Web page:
OpenVPN is an open-source Virtual Private Network (VPN) system that implements techniques to create secure point-to-point or site-to-site connections in routed or bridged configurations and remote access facilities. It allows peers to authenticate each other using pre-shared secret keys, certificates, or username/password. It is recognized industry-wide as the most secure VPN encryption protocol. As well as being remarkably reliable, OpenVPN is highly customizable and can be implemented by users in several ways.

The OpenVPN protocol is responsible for handling client-server communications. It allows you to connect to a remote network over a secure, encrypted connection and mask your IP addresses over all ports. When OpenVPN handles encryption and authentication, it uses the OpenSSL library quite extensively.

Setting up OpenVPN in Linux is fairly easy. You can import its configuration from the NetworkManager, nm-connection-editor, to be more specific. The configuration of OpenVPN has .openvpn extension. I want this blog to be a hands-on tutorial on how to import it. So, let’s get started.

First of all, you should download the OpenVPN configuration. It can be downloaded be from any service provider of your choice, but for this blog, I will be using the vpnbook for the sake of simplicity.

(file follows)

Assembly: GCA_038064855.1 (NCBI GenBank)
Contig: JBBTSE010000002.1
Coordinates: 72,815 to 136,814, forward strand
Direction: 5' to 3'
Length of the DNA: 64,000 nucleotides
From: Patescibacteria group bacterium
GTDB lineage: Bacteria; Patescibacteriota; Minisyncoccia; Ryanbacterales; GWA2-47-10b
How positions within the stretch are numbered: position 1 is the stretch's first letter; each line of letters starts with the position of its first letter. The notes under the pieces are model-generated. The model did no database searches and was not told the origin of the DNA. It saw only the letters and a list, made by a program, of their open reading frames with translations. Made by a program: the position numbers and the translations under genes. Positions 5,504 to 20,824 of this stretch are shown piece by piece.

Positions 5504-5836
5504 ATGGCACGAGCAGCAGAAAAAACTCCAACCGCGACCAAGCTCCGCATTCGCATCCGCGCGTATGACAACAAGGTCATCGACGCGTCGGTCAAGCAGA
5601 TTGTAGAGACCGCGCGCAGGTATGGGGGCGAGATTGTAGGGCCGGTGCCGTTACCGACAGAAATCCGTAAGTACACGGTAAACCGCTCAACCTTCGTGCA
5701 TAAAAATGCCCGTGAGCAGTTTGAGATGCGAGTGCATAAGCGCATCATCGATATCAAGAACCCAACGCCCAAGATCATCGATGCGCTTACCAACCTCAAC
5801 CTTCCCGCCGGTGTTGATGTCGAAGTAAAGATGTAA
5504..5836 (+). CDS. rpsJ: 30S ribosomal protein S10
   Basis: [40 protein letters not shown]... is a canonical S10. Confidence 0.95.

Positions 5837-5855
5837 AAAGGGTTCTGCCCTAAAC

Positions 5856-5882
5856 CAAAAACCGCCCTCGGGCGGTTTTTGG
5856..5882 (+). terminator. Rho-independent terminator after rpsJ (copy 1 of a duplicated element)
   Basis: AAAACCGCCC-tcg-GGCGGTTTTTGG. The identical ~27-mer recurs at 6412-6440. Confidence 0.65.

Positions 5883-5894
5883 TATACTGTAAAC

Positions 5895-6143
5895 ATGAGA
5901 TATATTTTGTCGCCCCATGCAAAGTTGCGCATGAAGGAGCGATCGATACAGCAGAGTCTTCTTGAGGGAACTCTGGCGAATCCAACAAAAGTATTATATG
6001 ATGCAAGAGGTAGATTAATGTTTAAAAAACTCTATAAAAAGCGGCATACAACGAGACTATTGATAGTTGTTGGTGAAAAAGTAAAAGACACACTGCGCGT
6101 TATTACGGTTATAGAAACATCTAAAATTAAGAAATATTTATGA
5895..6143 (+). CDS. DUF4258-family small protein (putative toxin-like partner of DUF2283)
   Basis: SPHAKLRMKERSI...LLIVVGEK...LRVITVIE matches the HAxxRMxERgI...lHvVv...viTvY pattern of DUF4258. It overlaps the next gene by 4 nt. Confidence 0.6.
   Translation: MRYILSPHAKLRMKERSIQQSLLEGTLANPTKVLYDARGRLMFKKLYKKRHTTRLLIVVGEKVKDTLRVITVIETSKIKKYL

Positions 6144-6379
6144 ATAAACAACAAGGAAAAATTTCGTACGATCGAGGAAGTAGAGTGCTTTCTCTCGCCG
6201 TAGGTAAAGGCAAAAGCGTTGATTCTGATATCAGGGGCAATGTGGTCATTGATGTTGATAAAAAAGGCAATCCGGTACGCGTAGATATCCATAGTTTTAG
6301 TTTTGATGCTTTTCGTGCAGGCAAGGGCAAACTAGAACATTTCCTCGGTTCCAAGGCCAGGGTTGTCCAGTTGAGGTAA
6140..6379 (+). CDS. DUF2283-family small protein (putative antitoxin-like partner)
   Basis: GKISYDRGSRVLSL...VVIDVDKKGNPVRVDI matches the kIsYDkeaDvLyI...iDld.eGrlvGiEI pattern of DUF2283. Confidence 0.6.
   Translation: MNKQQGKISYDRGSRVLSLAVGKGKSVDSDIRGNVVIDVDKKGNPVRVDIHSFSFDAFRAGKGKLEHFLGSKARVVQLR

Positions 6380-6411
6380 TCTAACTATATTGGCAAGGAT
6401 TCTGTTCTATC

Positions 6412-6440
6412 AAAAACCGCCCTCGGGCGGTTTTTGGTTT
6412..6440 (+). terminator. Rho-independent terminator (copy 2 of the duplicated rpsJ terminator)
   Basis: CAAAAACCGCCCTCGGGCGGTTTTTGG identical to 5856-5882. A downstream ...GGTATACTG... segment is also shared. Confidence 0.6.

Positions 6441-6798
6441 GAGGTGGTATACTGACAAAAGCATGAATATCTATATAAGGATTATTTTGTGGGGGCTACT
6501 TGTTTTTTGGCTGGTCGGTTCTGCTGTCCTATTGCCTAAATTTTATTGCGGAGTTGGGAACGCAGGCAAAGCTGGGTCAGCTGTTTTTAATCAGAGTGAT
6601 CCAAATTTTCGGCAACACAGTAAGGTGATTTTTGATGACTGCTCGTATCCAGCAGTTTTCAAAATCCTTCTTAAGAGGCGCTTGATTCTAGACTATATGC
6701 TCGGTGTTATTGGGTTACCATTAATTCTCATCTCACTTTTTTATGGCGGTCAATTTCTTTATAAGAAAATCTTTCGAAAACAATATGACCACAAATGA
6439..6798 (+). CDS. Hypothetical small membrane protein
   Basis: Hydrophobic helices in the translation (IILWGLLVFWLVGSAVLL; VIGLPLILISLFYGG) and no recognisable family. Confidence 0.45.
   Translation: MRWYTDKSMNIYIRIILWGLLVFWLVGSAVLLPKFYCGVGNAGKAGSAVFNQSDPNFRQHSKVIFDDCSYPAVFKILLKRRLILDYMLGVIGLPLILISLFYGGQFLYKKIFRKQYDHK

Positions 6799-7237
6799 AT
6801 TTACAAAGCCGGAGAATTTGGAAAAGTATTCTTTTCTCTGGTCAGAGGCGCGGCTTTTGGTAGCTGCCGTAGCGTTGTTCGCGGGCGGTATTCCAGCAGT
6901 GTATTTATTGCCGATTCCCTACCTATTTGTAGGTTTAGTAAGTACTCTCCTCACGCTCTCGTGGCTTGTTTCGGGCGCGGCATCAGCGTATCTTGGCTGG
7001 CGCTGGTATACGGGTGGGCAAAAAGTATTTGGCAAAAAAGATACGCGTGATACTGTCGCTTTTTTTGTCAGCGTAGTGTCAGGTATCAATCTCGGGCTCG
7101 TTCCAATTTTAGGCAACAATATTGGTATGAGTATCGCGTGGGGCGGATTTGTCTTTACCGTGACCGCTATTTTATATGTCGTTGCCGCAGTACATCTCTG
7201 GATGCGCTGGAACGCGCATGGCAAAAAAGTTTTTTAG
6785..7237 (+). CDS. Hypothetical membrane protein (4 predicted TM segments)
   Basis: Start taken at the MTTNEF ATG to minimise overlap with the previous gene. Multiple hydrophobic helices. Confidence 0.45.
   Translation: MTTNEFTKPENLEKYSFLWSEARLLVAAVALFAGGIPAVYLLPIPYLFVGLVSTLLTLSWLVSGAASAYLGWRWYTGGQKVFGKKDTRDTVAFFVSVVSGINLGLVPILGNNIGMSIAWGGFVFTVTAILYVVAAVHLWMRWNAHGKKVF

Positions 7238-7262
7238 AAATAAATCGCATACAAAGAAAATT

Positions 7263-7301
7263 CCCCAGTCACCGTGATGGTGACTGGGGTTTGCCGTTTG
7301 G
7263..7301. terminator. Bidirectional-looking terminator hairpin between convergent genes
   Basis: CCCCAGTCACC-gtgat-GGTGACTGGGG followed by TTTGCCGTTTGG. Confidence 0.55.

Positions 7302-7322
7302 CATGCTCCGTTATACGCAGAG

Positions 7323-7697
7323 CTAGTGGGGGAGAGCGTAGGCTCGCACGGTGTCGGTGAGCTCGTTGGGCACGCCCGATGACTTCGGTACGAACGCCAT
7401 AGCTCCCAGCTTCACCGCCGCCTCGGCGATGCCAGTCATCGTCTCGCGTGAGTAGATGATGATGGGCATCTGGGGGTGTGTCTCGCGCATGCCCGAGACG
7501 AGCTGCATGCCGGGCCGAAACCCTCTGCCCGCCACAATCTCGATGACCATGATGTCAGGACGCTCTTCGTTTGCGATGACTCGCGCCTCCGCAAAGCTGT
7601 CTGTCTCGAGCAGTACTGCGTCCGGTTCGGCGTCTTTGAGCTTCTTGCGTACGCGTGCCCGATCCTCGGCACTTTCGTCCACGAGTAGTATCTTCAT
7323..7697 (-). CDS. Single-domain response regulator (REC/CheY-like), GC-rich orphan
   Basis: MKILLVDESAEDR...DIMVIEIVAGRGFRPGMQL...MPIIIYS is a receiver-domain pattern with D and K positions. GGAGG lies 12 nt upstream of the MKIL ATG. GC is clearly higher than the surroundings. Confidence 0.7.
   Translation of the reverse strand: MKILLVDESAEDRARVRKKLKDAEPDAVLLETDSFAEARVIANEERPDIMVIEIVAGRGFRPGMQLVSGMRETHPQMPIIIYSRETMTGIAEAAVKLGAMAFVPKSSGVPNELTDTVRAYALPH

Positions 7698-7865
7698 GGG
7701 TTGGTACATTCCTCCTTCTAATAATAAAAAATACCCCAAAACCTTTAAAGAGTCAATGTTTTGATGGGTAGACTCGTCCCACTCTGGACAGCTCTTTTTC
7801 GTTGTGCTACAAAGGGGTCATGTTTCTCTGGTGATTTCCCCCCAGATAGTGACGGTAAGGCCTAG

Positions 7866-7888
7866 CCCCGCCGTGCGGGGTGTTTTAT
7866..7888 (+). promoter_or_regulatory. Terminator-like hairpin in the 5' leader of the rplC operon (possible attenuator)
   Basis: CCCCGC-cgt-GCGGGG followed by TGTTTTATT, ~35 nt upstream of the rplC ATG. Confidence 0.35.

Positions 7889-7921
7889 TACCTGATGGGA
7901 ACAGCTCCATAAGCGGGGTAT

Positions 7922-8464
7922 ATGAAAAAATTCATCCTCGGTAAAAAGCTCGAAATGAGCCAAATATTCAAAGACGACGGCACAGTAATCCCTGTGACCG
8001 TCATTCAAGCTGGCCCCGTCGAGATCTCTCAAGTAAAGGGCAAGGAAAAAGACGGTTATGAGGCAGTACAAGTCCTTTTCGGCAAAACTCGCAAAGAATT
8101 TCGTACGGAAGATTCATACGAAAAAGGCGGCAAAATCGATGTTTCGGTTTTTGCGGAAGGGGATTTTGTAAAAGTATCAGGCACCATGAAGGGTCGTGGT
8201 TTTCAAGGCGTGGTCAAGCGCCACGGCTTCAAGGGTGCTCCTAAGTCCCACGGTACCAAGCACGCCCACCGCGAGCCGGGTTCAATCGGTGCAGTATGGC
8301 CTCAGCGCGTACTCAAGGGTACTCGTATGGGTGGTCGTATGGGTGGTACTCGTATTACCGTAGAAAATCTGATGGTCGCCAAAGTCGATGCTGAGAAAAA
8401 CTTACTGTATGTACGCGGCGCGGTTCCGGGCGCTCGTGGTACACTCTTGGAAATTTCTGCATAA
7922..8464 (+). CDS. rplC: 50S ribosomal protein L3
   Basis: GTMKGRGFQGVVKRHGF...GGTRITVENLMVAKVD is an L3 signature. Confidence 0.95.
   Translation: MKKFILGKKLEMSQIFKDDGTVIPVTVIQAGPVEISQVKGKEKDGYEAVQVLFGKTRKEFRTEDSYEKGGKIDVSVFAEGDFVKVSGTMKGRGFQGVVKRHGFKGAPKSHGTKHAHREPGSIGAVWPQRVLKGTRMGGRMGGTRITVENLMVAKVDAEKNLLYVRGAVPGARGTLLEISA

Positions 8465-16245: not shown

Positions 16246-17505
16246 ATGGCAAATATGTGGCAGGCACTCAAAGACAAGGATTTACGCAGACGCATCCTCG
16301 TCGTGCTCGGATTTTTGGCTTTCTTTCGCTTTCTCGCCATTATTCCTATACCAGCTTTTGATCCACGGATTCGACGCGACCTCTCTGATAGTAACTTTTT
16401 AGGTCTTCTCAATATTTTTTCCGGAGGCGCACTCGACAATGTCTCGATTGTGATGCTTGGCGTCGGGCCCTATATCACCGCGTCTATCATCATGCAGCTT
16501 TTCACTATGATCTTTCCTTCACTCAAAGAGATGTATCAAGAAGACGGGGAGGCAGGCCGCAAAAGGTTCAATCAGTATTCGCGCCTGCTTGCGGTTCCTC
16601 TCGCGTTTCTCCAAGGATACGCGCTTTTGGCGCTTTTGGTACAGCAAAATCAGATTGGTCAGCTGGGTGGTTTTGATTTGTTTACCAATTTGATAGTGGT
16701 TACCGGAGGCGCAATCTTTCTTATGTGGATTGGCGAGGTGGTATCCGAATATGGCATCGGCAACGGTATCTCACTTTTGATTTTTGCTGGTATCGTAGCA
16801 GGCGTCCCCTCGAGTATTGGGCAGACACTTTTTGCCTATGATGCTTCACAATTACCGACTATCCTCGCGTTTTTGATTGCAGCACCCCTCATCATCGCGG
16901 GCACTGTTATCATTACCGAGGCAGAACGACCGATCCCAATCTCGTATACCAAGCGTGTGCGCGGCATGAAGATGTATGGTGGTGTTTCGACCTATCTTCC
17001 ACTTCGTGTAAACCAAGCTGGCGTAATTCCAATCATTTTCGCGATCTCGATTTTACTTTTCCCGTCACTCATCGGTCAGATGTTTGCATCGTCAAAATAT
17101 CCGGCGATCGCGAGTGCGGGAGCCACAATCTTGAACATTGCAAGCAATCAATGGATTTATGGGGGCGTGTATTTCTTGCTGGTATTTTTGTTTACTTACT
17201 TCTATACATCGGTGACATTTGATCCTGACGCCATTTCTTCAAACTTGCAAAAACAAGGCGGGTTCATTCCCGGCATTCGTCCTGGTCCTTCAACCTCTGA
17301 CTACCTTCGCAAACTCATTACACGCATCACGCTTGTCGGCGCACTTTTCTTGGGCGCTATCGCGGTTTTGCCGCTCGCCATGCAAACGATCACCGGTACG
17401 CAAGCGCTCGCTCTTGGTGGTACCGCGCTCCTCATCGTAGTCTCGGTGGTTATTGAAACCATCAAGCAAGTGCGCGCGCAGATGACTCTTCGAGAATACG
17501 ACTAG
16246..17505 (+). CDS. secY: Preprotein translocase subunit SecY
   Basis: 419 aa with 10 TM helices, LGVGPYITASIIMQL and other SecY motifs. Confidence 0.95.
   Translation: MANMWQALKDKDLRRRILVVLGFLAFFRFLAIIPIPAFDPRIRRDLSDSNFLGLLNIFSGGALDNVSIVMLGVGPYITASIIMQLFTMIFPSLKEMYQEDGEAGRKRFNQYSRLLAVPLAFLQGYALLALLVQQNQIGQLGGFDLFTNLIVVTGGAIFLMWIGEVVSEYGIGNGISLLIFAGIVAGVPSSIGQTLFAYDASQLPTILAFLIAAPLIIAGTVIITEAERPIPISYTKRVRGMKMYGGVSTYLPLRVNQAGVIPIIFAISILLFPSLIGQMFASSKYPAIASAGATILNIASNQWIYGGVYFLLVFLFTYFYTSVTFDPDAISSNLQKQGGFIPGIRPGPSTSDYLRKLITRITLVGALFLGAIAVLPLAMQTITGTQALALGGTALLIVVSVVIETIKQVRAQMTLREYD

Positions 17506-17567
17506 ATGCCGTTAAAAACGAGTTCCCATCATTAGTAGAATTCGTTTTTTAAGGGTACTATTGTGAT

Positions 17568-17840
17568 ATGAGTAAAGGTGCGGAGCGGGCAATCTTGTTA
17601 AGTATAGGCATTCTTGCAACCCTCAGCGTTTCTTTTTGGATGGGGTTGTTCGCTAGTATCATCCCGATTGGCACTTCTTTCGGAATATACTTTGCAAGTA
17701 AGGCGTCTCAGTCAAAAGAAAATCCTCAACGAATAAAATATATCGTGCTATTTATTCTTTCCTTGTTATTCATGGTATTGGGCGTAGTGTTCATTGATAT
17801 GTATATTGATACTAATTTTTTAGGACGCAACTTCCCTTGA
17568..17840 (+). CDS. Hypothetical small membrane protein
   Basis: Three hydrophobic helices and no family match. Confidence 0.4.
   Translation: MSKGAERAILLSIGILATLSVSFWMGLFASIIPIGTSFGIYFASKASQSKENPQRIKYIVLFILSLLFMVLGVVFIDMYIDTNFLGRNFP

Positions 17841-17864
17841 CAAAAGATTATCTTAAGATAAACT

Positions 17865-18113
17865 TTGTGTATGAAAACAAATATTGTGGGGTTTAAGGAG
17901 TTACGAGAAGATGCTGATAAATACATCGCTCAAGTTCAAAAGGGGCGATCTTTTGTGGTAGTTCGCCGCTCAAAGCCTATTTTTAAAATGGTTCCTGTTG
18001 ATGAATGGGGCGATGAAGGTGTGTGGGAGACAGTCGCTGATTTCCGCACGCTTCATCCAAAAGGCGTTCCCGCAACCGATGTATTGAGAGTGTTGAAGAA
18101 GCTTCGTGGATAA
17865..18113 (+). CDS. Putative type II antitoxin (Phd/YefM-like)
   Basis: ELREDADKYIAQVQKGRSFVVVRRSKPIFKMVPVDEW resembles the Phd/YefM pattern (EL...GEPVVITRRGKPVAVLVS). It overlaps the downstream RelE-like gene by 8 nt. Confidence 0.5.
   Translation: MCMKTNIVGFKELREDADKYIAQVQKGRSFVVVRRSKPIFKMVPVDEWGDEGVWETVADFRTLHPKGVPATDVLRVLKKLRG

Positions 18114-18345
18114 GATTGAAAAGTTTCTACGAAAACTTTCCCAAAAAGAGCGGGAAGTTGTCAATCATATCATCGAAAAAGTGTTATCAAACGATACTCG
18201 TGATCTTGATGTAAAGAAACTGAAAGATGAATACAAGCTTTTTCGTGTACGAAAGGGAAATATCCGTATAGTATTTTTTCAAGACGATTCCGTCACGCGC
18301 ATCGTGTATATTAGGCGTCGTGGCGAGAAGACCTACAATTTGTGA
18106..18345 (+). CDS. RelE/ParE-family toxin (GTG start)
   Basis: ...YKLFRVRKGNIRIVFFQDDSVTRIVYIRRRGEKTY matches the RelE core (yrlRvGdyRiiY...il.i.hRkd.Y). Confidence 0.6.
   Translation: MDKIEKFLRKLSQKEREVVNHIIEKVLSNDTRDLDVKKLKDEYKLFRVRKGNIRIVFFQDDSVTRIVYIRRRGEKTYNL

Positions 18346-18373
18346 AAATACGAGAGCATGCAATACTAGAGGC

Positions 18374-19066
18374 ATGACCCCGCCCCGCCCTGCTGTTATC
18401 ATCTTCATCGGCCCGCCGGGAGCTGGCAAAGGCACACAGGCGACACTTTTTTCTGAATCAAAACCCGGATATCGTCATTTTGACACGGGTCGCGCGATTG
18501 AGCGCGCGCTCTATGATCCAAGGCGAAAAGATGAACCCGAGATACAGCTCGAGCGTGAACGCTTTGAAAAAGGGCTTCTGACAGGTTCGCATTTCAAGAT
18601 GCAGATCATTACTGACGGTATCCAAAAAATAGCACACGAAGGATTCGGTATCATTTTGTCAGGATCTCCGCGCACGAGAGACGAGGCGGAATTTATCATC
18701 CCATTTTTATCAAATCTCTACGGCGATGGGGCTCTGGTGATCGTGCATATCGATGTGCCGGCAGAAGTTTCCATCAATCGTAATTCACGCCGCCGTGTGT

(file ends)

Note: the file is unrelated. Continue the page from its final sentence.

vpnbook screenshot

The picture shown above is the screenshot of the link to the vpnbook provided above. Download any OpenVPN Certificate Bundle from the provided ones according to your location and need. I downloaded US1 OpenVPN Certificate Bundle. Now let’s go ahead and look at the contents of the zip file you just downloaded.

openvpn bundle contents

The zip contained the files shown in the figure above. As said on the vpnbook website, they are UDP 53, UDP 25000, TCP 80, and TCP 443 profiles. For those of you who don’t know about them, TCP and UDP are protocols and, the numbers beside them are the port in which they operate. For example, vpnbook-us1-udp53.openvpn has a configuration for UDP protocol on port 53 for the VPN.

Now let’s go ahead and import them from the NetworkManager. But hold on, have you installed the OpenVPN client needed to operate it? If not, install the openvpn package required for OpenVPN. Since we are going to import them from the NetworkManager, we need a plugin called networkmanager-openvpn. Depending on which Linux distribution you are on, the package name may differ slightly and, it may also have been included inside the networkmanager package. Since I am on Arch (I use Arch, btw! 😜), those package names belong to Arch. So, go ahead and do some research for your distribution and install those prerequisites.

We will be importing the configuration from the nm-connection-editor command. It is a NetworkManager GUI connection editor. So, go ahead and enter nm-connection-editor in your terminal or, if you are not a fan of entering commands in the terminal, right-click your NetworkManager applet from your taskbar and click on Edit Connections…. Now, you will see a window showing all of your previous network connections. Click the + icon on the bottom left corner to add a connection.